When you reach retirement age and no longer work, it’s important to have planned ahead and know exactly where your income is going to come from to enable you to enjoy the retirement lifestyle you would like. The first thing to consider, is the possible sources of income to understand what may work best for you.
There are 2 main types of pension which are generally referred to as defined contribution pensions (a pension pot which is based on how much is paid in) and defined benefit pensions (usually a workplace pension based on your salary and how long you’ve worked for your employer). It’s worth remembering that you are able to have several pension plans if you wish.
With a defined contribution plan, potentially and dependant on various rules, a maximum of £60,000 (or 100% of your earnings, whichever is lowest) might be available to be paid into your pension And tax relief can be obtained. Your money will be invested, so any income you are able to take from the plan when you retire will be partly dictated by a combination of how much you have paid in and investment performance. You would be able to withdraw money from age 55 (changing to 57 from April 2028). 25% of the plan’s value is usually tax-free, with the remaining 75% being taxable at your marginal rate.
With a defined benefit pension plan, how much you will get would depend on your salary when you retire or leave the scheme. Sometimes it is worked out using your average salary and will also depend on how long you have been part of the scheme for. You would receive a pension income for the rest of your life with a defined benefit plan and the age at which you could start drawing money from your plan would depend on the individual scheme. There could be the possibility to take a tax-free lump sum from a defined benefit plan, or even the option to take your whole plan as a lump sum.
The state pension could potentially make up a large portion of your retirement income but isn’t always enough on its own to fund a retirement lifestyle, depending on your individual requirements.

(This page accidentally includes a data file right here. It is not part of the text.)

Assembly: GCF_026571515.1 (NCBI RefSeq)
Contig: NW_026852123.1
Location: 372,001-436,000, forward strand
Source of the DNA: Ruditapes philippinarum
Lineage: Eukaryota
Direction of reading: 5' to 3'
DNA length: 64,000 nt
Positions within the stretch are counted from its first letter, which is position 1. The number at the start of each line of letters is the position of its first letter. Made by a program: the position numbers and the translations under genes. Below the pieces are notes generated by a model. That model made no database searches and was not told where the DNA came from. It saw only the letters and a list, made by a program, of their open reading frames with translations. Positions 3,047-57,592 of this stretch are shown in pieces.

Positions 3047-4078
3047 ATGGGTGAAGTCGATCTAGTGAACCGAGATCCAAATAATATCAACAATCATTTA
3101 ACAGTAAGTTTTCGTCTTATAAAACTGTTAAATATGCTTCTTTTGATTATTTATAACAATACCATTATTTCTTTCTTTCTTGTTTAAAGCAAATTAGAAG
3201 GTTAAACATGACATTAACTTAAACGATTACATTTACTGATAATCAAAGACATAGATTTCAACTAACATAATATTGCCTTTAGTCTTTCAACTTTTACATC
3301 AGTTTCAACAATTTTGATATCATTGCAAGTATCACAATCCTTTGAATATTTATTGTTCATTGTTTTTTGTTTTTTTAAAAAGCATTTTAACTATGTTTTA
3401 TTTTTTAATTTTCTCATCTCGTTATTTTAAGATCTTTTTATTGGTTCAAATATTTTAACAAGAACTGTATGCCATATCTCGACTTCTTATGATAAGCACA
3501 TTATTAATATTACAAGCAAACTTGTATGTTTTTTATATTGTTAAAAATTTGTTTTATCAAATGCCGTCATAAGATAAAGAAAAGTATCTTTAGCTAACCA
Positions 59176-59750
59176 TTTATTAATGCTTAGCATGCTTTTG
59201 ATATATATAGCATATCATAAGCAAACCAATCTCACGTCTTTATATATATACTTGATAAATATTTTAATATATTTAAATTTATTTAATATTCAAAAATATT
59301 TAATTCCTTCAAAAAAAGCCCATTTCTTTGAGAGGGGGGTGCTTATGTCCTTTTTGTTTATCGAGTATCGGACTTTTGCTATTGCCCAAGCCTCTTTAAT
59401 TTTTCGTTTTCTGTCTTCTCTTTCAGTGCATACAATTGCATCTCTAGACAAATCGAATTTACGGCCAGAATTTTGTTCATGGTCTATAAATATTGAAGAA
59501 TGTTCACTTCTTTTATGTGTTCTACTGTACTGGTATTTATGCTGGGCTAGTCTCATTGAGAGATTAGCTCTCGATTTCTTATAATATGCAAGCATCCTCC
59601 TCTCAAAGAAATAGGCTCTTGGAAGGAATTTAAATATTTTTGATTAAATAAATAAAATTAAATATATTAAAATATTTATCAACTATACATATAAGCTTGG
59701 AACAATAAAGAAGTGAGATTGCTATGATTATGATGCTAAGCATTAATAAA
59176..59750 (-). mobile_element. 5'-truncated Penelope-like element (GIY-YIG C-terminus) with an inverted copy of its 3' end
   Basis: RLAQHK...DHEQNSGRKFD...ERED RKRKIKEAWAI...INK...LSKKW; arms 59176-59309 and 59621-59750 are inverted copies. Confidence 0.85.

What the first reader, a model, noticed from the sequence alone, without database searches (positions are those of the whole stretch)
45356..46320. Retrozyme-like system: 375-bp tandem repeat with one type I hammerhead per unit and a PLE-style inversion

Men born on or after 6 April 1951 and women born on or after 6 April 1953 can claim the new State Pension once they reach State Pension age, which is currently 66 but rising to 67 by 2028. The full amount you are able to get is just over £10,600 per year, if you have made the required national insurance contributions.
It could be a possibility that some of your retirement income comes from rental income if you are the owner of any buy-to-let properties, and this can be a great source of retirement income. However, it should not be relied on as it is not possible to guarantee that the property will be let out all of the time. You would also be required to pay income tax on any rental income you receive.
You may want to consider putting your money into medium or long-term investments (five years or more). Unlike savings, investments have more potential to grow over time. You have tax efficient options, for example an ISA.
At PM+M, we offer a bespoke managed portfolio service (in partnership with AJ Bell) which we continually monitor, conduct ongoing due diligence in funds held in the portfolio and proactively make fund and asset allocation changes when we feel as though this is necessary. You can find out more about our portfolio service here.
Utilising tax breaks
Investments aren’t the only way you can protect your savings from losing value. You should look to make use of any tax breaks available to help make the most of your savings and investments.
ISAs are a popular and tax-efficient way of investing your cash in the long term, a £20,000 tax-free allowance per tax year is available to everyone and goes a long way to help you maintain the value of your money. There are four types of ISAs available:
- Cash ISAs
- Stocks and shares ISA
- Innovative finance ISA
- Lifetime ISA
How do I know if I will have enough?
This is a common question we are asked and unfortunately there is no ‘one size fits all’ solution when it comes to retirement planning, and the answer could vary greatly for each individual based on their specific circumstances. Research from Aviva has found that one tenth of the UK’s workforce does not know if they will be able to have a comfortable level of income in retirement.
When planning for retirement, it is important to consider seeking support and guidance from an experienced financial adviser. Typically, your adviser will work with you to establish a clear understanding of what income will be required to support your proposed retirement, when you plan to retire and what assets are already in place to support this. With the information, your adviser will be able to build a cashflow model, using sensible assumptions, to work backwards and highlight what you should be saving to achieve your desired retirement.
Get in touch
For further information or advice, contact a member of our financial planning team by emailing email@example.com or call 01254 679131.
The information contained within this article is purely for information purposes and does not constitute financial advice.